Canada[edit]

In 2015 the PRC detained then deported a Chinese-Canadian politician Richard Lee on the basis he had "endangered national security" by speaking out against PRC interference in Canadian politics.[98]

Czechia[edit]

Zdeněk Hřib, the mayor of Prague, decided to maintain official relations with Taiwan — seen here with the Tawain Minister, Joseph Wu on 1 April 2019.jpg

Soon after becoming mayor of Prague, Zdeněk Hřib hosted a meeting of foreign diplomats, and was asked by the Chinese ambassador to expel the Taiwanese representative. He refused to do so.[99] China pointed out that Prague had already agreed to a One-China policy when the previous mayor had entered an agreement to make Beijing Prague's twin city.[100][101] When, Hřib asked to renegotiate the agreement, China cut off contact, refusing to reply to letters or emails, threatening to withhold funds for a Prague soccer club and unilaterally canceled the Prague Symphony Orchestra's China tour, moves which Hřib described as "bullying."[100][102] In January 2020, Hřib ended Prague's city-to-city agreement with Beijing, creating a new agreement with Taipei instead.[103] When Czech Senator Jaroslav Kubera announced plans to visit Taiwan, China announced that “Czech companies whose representatives visit Taiwan with Chairman Kubera will not be welcome in China or with the Chinese people."[104] Shortly after receiving this threat, Kubera died of a heart attack.[100]

Germany[edit]

In 2016, the Chinese Ambassador to Germany "put massive pressure" on the Chairman of the Bundestag's Human Rights Committee, Michael Brand, a member of the conservative CDU party, in connection to his work exposing human rights abuses in Tibet. He later said, "self-censorship is out of the question."[105]

In August 2019, a delegation of the German Bundestag due to visit China had all their visas blocked as one of its members, Margarete Bause, a Green, is a vocal supporter of the Muslim Uyghur minority. She believes that to be "an attempt at silencing parliamentarians who support human rights loudly and clearly."[106]

New Zealand[edit]

Jenny Shipley was Prime Minister of New Zealand and, after leaving politics, served as a director of China Construction Bank global board for six years from 2007 to 2013, then as Chair of China Construction Bank New Zealand up until 31 March 2019. In a case of what may be compelled speech, rather than restricted speech, the former Prime Minister appeared to write an opinion piece, "We need to learn to listen to China"[107] in the Communist Party controlled newspaper, People's Daily. It contained strong endorsements of current Chinese foreign policy, such as “The belt and road initiative (BRI) proposed by China is one of the greatest ideas we’ve ever heard globally. It is a forward-looking idea, and in my opinion, it has the potential to create the next wave of economic growth."[108] Ms Shipley later denied ever writing the article."[109]

In May 2020 efforts were made to silence criticism of China by Winston Peters, the current serving Foreign Minister of New Zealand. Matthew Hooton, a columnist at The New Zealand Herald threatened that Peters should be sacked if he insults China one more time.[110] Hooton did not disclose his conflict of interest, that he has been Mongolia's Honorary Consul to New Zealand since December 2017.

Sweden[edit]

On 15 November 2019 the Culture Minister of Sweden, Amanda Lind, went against the wishes of the Chinese Communist Party leadership and awarded Gui Minhai the PEN Tucholsky prize in absentia.[111] Mr Gui, a Chinese-born Swedish citizen[112] had published poetry critical of communist China and was said to be preparing a book about the love life of Xi Jinping[113] before he was arrested by Chinese security agents on a train from Shanghai to Beijing.[114] Following the award, China's embassy in Stockholm released a statement saying that Minister Lind's attendance was "a serious mistake" and that "wrong deeds will only meet with bad consequences."[112] In the days afterwards China's Ambassador to Sweden, Gui Congyou, announced that "two large delegations of businessmen who were planning to travel to Sweden have cancelled their trip"[115] Ms Lind has already been threatened with a ban on entering China if she went ahead with the prize giving.[112] Later that month the Ambassador later gave an interview on Swedish public radio in which he said, "We treat our friends with fine wine, but for our enemies we have shotguns."[116]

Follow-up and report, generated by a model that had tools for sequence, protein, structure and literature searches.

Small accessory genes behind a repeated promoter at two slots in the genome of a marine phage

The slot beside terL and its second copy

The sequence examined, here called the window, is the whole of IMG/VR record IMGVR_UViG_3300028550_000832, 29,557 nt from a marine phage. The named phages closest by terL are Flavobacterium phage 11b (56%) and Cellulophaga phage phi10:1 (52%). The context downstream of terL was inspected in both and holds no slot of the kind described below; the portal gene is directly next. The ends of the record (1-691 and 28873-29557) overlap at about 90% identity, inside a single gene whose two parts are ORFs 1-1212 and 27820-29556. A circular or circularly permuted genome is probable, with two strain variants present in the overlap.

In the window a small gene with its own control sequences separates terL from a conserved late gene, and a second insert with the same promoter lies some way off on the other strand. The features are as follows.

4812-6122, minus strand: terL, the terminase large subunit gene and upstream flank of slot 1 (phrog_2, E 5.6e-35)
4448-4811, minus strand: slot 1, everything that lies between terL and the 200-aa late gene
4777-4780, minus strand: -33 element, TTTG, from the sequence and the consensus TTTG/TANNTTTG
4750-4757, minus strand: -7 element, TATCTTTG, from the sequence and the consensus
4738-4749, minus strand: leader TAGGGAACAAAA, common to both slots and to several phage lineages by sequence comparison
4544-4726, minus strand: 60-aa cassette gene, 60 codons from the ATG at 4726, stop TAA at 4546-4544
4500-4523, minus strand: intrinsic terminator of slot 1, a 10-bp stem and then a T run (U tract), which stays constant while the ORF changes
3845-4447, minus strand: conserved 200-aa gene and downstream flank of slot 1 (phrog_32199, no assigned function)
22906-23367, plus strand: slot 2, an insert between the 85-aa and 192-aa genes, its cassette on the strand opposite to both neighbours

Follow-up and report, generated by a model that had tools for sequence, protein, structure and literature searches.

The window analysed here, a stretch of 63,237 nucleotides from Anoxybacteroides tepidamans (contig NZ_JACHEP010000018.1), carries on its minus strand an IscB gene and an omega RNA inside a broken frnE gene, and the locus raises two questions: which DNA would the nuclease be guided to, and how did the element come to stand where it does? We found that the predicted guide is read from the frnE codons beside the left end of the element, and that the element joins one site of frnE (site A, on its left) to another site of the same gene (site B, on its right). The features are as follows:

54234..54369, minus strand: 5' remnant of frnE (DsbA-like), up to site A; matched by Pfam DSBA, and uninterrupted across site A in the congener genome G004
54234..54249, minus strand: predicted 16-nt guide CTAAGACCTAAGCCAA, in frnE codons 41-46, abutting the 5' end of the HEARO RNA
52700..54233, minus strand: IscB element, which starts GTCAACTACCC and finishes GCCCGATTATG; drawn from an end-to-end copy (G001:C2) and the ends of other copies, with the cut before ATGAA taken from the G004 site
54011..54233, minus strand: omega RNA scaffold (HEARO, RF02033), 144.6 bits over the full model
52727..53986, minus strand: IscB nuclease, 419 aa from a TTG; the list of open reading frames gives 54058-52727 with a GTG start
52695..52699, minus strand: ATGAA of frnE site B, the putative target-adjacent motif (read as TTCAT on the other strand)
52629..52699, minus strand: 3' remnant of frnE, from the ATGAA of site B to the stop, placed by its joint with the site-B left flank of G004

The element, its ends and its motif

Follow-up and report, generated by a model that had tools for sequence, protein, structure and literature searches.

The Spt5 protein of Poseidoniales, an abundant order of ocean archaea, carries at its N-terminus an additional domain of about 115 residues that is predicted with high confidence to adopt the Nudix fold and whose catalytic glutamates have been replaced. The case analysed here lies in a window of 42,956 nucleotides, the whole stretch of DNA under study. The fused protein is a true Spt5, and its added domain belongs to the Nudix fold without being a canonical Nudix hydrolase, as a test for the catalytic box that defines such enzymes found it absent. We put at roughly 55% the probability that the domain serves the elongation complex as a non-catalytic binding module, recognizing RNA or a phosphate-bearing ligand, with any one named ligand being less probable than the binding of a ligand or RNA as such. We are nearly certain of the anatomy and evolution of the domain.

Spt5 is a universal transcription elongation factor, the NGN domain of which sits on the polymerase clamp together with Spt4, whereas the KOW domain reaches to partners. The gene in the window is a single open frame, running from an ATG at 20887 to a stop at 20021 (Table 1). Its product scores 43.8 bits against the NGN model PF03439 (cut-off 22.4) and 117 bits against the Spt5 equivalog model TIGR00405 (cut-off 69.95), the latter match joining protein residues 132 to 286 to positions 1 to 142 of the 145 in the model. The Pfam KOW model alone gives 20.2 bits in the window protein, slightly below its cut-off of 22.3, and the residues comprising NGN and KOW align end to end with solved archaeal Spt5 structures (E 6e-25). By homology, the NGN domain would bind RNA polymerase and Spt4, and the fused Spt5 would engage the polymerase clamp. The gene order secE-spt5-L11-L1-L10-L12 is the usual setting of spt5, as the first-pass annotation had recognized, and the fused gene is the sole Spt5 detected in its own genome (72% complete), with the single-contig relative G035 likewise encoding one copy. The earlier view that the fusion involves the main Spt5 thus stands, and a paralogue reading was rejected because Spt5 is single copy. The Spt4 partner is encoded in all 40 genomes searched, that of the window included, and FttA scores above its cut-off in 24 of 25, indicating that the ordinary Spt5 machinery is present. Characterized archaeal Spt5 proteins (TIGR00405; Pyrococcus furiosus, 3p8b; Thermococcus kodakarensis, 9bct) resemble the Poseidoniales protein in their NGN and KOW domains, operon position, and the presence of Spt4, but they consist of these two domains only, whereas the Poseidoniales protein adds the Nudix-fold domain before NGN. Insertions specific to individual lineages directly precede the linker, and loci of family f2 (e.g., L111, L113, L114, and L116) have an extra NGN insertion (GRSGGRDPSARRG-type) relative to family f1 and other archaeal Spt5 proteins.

The Thai Actor Vachirawit Chiva-aree was targeted on Twitter and Instagram after he liked a photo identifying Hong Kong as a country.

Thailand[edit]

The Chinese Embassy in Bangkok made a statement on 14 April 2020 criticising Thai people who question the One-China Principle.[117][118] The statement came as a response to a Thai actor, Vachirawit "Bright" Chivaaree, who liked a Tweet featuring cityscapes, one being Hong Kong, with a caption describing them as countries.[119] His girlfriend was also found to have shared an Instagram post which suggested that Taiwan is not part of China. This began a "Thai-Chinese Meme War" of 2 million tweets, which, at an early point, forced an apology from the actor.[120] The CCP controlled Global Times claimed Bright's show, 2gether experienced a "backlash" in China, as had his follower count on Sina Weibo.[121] However, the incident had the effect of creating, according to Reuters, "The Milk Tea Alliance" which has become a grassroots democracy movement in Thailand, Taiwan and Hong Kong.[122][123]

United Kingdom[edit]

In 2019, the Chinese Ambassador to the United Kingdom warned that country's politicians against adopting a "colonial mindset" and observing limits in their comments on issues such as the Hong Kong protests and South China Sea dispute with China's neighbours.[124] China later suspended the Stock Connect link between the Shanghai and London stock exchanges, in part due to the United Kingdom's support for Hong Kong protesters.[125]

Publishing[edit]